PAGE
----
Conversion to trolley service[edit]

This wooden shelter replaced the stone station building in 1959

In June 1957, the Massachusetts Legislature approved the purchase of the branch by the M.T.A. from the nearly-bankrupt New York Central Railroad for conversion to a trolley line. Service ended on May 31, 1958.[3] The line was quickly converted for trolley service, and the line including Longwood station reopened on July 4, 1959.[1] The 1893-built station was torn down during the conversion to make room for a small parking lot.

Renovations[edit]

During the Brookline Village/Longwood Avenue Station Renovation Project, the MBTA renovated Longwood and Brookline Village stations for handicapped accessibility. The two stations received raised platforms to interface with low-floor trams, wooden ramps to access high-floor trams, and other upgrades. The MBTA originally planned to only offer handicapped access via the Chapel Street entrance to Longwood, but after it became apparent this was not sufficient, ramps were added from Riverway Park as well.[11] Work on both stations began on July 23, 2007.[12] Construction was completed in the second quarter of 2009, making Longwood station is fully handicapped accessible.[13]

Station layout[edit]

Longwood station has two side platforms serving the line's two tracks
G
Street/
Platform level
Side platform, doors will open on the right
Outbound "D" Branch toward Riverside (Brookline Village)
Inbound "D" Branch toward Government Center(Fenway)
Side platform, doors will open on the right

Bus connections[edit]

No MBTA Bus routes stop directly at Longwood station. Seven routes - the CT2, CT3, 8, 19, 47, 60, and 65 - stop at the intersection of Longwood Avenue and Brookline Avenue, several blocks to the east.[14]

References[edit]

  1. ^ a b c Belcher, Jonathan (27 June 2015). "Changes to Transit Service in the MBTA district 1964-2015" (PDF). NETransit. Retrieved 31 August 2015. 
  2. ^ "Ridership and Service Statistics" (PDF) (14 ed.). Massachusetts Bay Transportation Authority. 2014. Retrieved 31 August 2015. 
  3. ^ a b c d Humphrey, Thomas J.; Clark, Norton D. (1985). Boston's Commuter Rail: The First 150 Years. Boston Street Railway Association. pp. 21–24. ISBN 9780685412947.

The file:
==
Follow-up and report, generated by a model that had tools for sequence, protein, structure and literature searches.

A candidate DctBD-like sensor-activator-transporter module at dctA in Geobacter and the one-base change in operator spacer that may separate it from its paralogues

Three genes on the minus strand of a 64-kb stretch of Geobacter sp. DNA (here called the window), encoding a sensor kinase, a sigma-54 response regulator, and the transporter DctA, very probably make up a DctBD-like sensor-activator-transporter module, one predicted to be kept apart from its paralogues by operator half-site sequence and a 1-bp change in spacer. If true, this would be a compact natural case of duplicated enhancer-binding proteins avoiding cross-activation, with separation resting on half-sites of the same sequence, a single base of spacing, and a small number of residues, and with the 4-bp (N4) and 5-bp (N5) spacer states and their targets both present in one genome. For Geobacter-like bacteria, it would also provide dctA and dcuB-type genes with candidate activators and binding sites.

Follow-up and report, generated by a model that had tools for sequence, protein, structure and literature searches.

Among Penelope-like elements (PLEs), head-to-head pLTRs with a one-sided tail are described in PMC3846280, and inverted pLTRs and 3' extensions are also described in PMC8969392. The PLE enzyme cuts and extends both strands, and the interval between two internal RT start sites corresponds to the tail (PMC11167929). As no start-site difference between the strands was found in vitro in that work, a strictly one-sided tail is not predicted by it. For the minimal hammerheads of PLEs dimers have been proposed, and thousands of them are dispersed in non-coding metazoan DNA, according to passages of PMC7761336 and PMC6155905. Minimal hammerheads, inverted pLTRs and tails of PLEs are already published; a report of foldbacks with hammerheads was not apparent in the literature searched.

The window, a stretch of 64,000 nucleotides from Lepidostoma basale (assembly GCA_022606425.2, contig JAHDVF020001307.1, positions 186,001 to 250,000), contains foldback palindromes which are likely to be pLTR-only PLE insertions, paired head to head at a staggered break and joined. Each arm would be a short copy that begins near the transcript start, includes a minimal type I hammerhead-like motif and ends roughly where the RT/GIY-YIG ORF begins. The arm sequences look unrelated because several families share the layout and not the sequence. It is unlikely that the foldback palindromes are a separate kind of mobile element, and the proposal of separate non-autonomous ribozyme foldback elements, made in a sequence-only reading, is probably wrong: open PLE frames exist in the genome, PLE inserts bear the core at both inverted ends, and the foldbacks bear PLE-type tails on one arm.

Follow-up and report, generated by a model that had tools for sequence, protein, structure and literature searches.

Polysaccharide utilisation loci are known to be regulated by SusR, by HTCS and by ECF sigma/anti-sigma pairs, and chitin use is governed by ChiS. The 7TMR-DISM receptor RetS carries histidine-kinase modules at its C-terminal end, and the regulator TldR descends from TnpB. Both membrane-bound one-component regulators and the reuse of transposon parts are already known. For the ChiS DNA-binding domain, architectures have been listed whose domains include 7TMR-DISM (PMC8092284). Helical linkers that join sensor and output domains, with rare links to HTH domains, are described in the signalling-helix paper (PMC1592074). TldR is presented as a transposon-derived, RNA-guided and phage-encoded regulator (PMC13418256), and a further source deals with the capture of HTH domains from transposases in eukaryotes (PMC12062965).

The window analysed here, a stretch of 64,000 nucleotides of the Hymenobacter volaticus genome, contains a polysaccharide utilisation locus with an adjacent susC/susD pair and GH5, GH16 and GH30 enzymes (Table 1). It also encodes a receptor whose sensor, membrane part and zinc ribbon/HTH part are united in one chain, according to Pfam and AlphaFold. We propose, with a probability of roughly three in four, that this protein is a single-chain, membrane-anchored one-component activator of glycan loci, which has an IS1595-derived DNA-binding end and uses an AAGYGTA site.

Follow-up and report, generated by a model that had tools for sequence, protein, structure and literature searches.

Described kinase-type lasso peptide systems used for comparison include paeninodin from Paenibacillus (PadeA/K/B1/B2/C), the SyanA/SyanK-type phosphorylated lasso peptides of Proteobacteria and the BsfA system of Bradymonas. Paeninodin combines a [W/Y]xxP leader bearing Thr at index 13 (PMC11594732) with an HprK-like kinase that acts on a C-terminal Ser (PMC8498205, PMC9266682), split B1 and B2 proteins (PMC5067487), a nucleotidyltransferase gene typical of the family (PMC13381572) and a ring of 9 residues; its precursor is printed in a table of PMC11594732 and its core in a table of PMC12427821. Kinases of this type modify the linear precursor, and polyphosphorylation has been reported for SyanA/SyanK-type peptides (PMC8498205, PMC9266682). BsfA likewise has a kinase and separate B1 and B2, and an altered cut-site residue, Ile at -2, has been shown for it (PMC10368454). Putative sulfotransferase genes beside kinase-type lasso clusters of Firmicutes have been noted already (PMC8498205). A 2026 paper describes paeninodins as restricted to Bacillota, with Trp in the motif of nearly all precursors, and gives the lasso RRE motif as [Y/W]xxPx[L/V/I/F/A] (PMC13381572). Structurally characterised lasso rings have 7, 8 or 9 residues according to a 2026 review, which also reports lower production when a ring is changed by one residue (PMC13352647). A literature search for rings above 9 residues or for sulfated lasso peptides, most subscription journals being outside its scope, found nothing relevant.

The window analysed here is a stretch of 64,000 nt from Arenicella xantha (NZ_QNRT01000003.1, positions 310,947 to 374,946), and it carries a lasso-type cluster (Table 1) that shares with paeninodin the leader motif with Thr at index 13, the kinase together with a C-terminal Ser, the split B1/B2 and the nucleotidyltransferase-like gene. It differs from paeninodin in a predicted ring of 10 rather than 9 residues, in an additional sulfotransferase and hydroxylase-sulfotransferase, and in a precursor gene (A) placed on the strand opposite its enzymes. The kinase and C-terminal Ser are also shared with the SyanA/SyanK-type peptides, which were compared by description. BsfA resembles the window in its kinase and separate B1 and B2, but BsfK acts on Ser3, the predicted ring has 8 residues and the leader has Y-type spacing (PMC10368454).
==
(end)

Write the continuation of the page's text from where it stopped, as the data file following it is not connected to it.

4. ^ a b Karr, Ronald Dale (1995). The Rail Lines of Southern New England. Branch Line Press. pp. 277, 288–289. ISBN 0942147022. 
  5. ^ "Outline and Index Map of Brookline, Massachusetts". Atlas of The Town of Brookline 1874. G.M. Hopkins & Co. 1874 – via Ward Maps. 
  6. ^ a b Massachusetts Board of Railroad Commissioners (January 1893). Twenty-fourth Report of the Board of Railroad Commissioners. Wright and Potter Printing Company. pp. 147–149. 
  7. ^ a b c Ochsner, Jeffrey Karl (June 1988). "Architecture for the Boston & Albany Railroad: 1881-1894". Journal of the Society of Architectural Historians. 47 (2). doi:10.2307/990324. JSTOR 990324. (subscription required (help)). 
  8. ^ "Outline and Index Map of Brookline, Norfolk County, Massachusetts". Atlas of The Town of Brookline. G.M. Hopkins & Co. 1893 – via Ward Maps. 
  9. ^ "State transportation project: Carlton St. footbridge". Brookline Beacon. 9 November 2015. Retrieved 13 November 2015. 
  10. ^ Beveridge, Charles E. (25 September 2001). "Letter from Charles E. Beveridge to Gilbert Hoy" (PDF). 
  11. ^ "The MBTA Station Modernization Program" (PDF). Massachusetts Bay Transportation Authority. 23 September 2010. Retrieved 13 November 2015. 
  12. ^ "Brookline Village Station and Longwood Station MBTA Contract No. A27CN02: Light Rail Accessibility Program, D-Line". Massachusetts Bay Transportation Authority. Archived from the original on 16 January 2008. 
  13. ^ "Access in Motion: 2009 Calendar" (PDF). Massachusetts Bay Transportation Authority. 2009. Archived from the original (PDF) on 2 January 2010. 
  14. ^ "Longwood Station Neighborhood Map" (PDF). Massachusetts Bay Transportation Authority. July 2012. Retrieved 12 November 2015. 

External links[edit]